Judging the Morality of Utilitarian Actions: How Poor Utilitarian Accessibility Makes Judges Irrational

Petko Kusev, Paul van Schaik, Shrooq Alzahrani, Samantha Lonigro, Harry Purser

Research output: Contribution to journalArticlepeer-review

19 Citations (Scopus)


Is it acceptable and moral to sacrifice a few people’s lives to save many others? Research on moral dilemmas in psychology, experimental philosophy, and neuropsychology has shown that respondents judge utilitarian personal moral actions (footbridge dilemma) as less appropriate than equivalent utilitarian impersonal moral actions (trolley dilemma). Accordingly, theorists (e.g., Greene et al., 2001) have argued that judgments of appropriateness in personal moral dilemmas are more emotionally salient and cognitively demanding (taking more time to be rational) than impersonal moral dilemmas. Our novel findings show an effect of psychological accessibility (driven by partial contextual information; Kahneman, 2003) on utilitarian moral behavior and response time for rational choices. Enhanced accessibility of utilitarian outcomes through comprehensive information about moral actions and consequences boosted utility maximization in moral choices, with rational choices taking less time. Moreover, our result suggests that previous results indicating emotional interference, with rational choices taking more time to make, may have been artifacts of presenting partial information.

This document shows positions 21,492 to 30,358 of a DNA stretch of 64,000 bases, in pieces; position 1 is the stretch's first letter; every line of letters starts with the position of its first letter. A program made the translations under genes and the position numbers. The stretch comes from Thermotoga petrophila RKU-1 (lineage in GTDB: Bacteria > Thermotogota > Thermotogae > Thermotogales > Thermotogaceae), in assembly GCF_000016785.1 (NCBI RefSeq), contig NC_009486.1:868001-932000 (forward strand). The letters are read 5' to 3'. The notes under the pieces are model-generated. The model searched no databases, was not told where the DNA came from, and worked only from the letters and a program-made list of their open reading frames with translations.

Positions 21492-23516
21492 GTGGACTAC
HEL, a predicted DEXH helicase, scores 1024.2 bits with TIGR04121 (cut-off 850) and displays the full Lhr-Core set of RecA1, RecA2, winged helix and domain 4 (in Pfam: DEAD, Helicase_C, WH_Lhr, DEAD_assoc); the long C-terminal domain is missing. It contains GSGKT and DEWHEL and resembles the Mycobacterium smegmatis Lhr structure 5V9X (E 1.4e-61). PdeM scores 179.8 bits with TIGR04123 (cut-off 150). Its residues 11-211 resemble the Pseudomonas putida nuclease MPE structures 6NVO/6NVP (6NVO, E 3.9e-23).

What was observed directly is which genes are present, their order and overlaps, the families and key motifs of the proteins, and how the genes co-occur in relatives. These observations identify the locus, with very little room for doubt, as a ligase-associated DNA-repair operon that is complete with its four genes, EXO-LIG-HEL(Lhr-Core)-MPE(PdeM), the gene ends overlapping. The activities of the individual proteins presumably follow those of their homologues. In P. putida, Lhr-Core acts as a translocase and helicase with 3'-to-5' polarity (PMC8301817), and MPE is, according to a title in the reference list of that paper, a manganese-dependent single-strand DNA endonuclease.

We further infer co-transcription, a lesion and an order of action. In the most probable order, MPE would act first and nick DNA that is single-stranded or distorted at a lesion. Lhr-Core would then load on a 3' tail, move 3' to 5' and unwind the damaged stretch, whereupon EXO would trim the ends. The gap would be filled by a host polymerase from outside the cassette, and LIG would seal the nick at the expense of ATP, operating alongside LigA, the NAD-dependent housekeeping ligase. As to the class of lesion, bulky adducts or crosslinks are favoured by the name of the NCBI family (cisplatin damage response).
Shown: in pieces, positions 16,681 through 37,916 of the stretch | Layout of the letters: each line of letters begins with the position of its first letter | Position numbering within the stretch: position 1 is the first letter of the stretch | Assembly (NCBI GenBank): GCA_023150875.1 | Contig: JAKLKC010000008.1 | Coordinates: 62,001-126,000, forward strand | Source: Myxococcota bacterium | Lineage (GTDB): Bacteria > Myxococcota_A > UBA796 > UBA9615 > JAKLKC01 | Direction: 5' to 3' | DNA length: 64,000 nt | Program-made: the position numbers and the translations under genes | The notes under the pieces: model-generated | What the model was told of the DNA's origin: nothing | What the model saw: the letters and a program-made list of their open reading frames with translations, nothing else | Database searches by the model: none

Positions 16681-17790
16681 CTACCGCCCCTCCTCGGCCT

Original languageEnglish
Pages (from-to)1961-1967
Number of pages7
JournalPsychonomic Bulletin and Review
Issue number6
Early online date27 Apr 2016
Publication statusPublished - 1 Dec 2016
Externally publishedYes


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